Nick Rini is engineering director for Freightliner Custom Chassis Corp., a unit of Daimler Truck North America. (Photo: Alan Adler/FreightWaves)
Can you see me now?
Ever try taking a photo in the rain? Doesn’t come out so good, does it? The same holds true for cameras and lidars seated in long-range sensors on autonomous trucks.
Aurora Innovation is using its Air Knife sensor cleaning system to prevent moisture and debris from building up on its sensors’ lenses. Each sensor is equipped with special nozzles that blast a combination of high-pressure air and washer fluid across their surface. That completely cleans each lens in milliseconds.
Seeing crummy weather is only part of the job. The Aurora Driver’s perception system constantly assesses the range and quality of the data its sensors record. Depending on what it finds, the Aurora Driver contacts the Command Center where it gets instructions to continue at normal speed, slow down or, in the case of really nasty weather, pull over and wait out a storm.
A good human driver would do the same thing, even if it meant a few minutes ticking down on the day’s Electronic Logging Device record.
The Air Knife from Aurora Innovation cleans its autonomous driving sensors in milliseconds. (Photo: Aurora Innovation)
Building a Mack Anthem brick by brick
A few weeks back, we showed you a pile of Lego bricks destined to become a full-size Mack Anthem Class 8 truck in Brisbane, Australia.
Well, it really happened. And if you’re curious how many bricks it took, try 1 million, give or take. This is one for the Guiness record book.
The Lego brick Mack Anthem was created to celebrate Mack Trucks 60th anniversary building trucks Down Under. (Photo: Mack Trucks).
A rear view of the 1 million-piece Mack Anthem, which took about two months to construct. (Photo: Mack Trucks)
The project took about two months. A real Mack Anthem takes eight days to build in the company’s Wacol factory in Brisbane.
Why such a tribute?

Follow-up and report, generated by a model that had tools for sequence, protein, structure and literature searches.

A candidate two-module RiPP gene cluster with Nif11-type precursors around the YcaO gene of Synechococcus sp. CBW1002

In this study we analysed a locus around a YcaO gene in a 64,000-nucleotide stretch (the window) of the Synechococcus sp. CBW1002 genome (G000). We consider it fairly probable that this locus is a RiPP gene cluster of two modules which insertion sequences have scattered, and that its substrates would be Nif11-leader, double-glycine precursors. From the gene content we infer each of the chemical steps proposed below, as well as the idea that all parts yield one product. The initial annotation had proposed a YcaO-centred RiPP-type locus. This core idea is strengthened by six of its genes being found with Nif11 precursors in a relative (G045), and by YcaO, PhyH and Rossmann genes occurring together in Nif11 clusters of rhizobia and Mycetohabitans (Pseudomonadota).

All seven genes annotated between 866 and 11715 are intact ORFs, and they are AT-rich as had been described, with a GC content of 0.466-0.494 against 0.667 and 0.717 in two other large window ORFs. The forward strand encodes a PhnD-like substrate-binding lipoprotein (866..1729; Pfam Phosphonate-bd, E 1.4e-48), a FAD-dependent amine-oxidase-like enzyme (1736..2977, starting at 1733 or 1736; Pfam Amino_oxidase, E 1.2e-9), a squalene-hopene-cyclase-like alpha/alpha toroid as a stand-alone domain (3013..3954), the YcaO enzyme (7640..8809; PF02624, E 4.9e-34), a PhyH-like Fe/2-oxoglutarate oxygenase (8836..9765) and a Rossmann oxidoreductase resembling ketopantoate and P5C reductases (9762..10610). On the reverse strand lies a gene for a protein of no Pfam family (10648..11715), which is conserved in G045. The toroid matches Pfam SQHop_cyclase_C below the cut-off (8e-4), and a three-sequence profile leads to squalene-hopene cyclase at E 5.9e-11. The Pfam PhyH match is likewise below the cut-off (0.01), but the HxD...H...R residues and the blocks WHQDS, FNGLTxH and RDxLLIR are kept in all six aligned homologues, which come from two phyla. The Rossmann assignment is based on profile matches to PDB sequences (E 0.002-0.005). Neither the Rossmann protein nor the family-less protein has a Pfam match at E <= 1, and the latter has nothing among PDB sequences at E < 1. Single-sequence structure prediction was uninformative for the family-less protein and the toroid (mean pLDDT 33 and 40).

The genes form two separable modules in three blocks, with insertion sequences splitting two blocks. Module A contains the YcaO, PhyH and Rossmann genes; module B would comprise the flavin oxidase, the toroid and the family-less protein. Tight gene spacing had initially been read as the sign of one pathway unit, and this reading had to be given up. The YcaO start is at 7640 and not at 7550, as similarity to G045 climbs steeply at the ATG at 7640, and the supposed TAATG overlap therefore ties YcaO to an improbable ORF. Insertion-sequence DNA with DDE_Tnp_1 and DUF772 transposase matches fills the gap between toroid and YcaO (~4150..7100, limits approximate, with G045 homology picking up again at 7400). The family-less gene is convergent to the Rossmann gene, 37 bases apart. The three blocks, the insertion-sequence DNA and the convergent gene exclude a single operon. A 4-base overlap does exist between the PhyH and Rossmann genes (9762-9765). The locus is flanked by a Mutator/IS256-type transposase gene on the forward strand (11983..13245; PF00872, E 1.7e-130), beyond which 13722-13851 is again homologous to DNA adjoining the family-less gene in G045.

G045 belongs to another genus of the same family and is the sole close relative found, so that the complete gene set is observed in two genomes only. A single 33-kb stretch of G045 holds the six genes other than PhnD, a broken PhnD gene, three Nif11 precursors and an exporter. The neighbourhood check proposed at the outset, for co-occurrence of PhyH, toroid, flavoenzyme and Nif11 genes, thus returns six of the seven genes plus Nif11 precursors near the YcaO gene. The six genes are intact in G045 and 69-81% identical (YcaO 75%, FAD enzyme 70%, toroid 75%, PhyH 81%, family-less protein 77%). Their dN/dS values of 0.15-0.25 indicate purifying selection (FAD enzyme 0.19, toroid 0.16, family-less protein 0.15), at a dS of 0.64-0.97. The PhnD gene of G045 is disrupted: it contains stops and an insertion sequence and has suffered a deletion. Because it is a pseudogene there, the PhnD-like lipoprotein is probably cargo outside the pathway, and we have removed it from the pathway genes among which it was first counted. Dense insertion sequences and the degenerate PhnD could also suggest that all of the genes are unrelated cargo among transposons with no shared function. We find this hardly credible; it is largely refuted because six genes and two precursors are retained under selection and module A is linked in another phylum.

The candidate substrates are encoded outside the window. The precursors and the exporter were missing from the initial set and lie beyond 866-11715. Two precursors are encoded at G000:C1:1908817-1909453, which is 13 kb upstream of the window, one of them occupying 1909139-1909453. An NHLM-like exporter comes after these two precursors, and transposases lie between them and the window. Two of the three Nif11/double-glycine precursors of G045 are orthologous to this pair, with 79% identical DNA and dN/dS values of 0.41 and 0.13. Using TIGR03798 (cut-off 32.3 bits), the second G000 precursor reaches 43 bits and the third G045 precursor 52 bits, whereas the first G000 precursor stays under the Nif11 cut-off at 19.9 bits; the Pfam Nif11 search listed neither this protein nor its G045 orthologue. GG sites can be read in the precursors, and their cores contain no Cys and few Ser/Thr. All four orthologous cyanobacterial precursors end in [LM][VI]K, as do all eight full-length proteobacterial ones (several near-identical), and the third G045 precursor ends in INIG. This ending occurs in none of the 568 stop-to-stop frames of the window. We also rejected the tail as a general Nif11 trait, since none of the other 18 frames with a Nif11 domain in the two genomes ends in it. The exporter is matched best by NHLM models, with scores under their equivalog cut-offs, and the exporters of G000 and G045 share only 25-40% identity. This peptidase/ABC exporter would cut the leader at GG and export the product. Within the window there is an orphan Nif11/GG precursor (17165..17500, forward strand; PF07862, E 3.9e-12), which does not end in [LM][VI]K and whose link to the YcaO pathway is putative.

“Mack Trucks are iconic and have a loved cult following,” brick builder Ben Craig said. “I spend a lot of time on the road and no other truck has the same appeal as a Mack Truck.”
The final piece of the build — a Mack bulldog — was added to the creation last Friday.
Even the mud flaps were made of Lego bricks. (Photo: Mack Trucks)
Digital freight network Convoy will collaborate with Volvo Autonomous Solutions to secure autonomous freight capacity for customers once it becomes available on select routes in Texas.
About 150 of the 300 layoffs announced last week by TuSimple will be in the autonomous trucking software’s San Diego headquarters, the San Diego Union Tribune reported.
Cummins is paying about $153 million for two commercial vehicle exhaust plants from Faurecia. It is Cummins’ third acquisition in 15 months including the $3.7 billion deal for Meritor.
Volvo Group is claiming the largest electric truck order to date — up to 1,000 units over seven years by Swiss building solutions provider Holcim.
Canada’s Loblaw Companies Ltd. intends to purchase five Class 8 zero emissions Kenworth T680 hydrogen fuel cell electric vehicles powered by Toyota fuel cell technology.
Tier 1 supplier ZF will begin production this fall of its PowerLine 8-speed automatic transmission. The new line is part of the $200 million investment in the company’s Gray Court, South Carolina, manufacturing facility.
Testing of the ZF PowerLine 8-speed automatic transmission is underway in Gray Court, South Carolina. (Photo: ZF)
That’s it for this week. Thanks for reading. Click here to get Truck Tech via email on Fridays. And watch Truck Tech on FreightWavesTV at 4 p.m. EDT Wednesdays.
Next week’s scheduled guest is Ali Javidan, founder and CEO of Range Energy, which is exploring the benefits of electrifying trailers. How does the additional weight of an electrified trailer balance fuel savings with less cargo-carrying ability?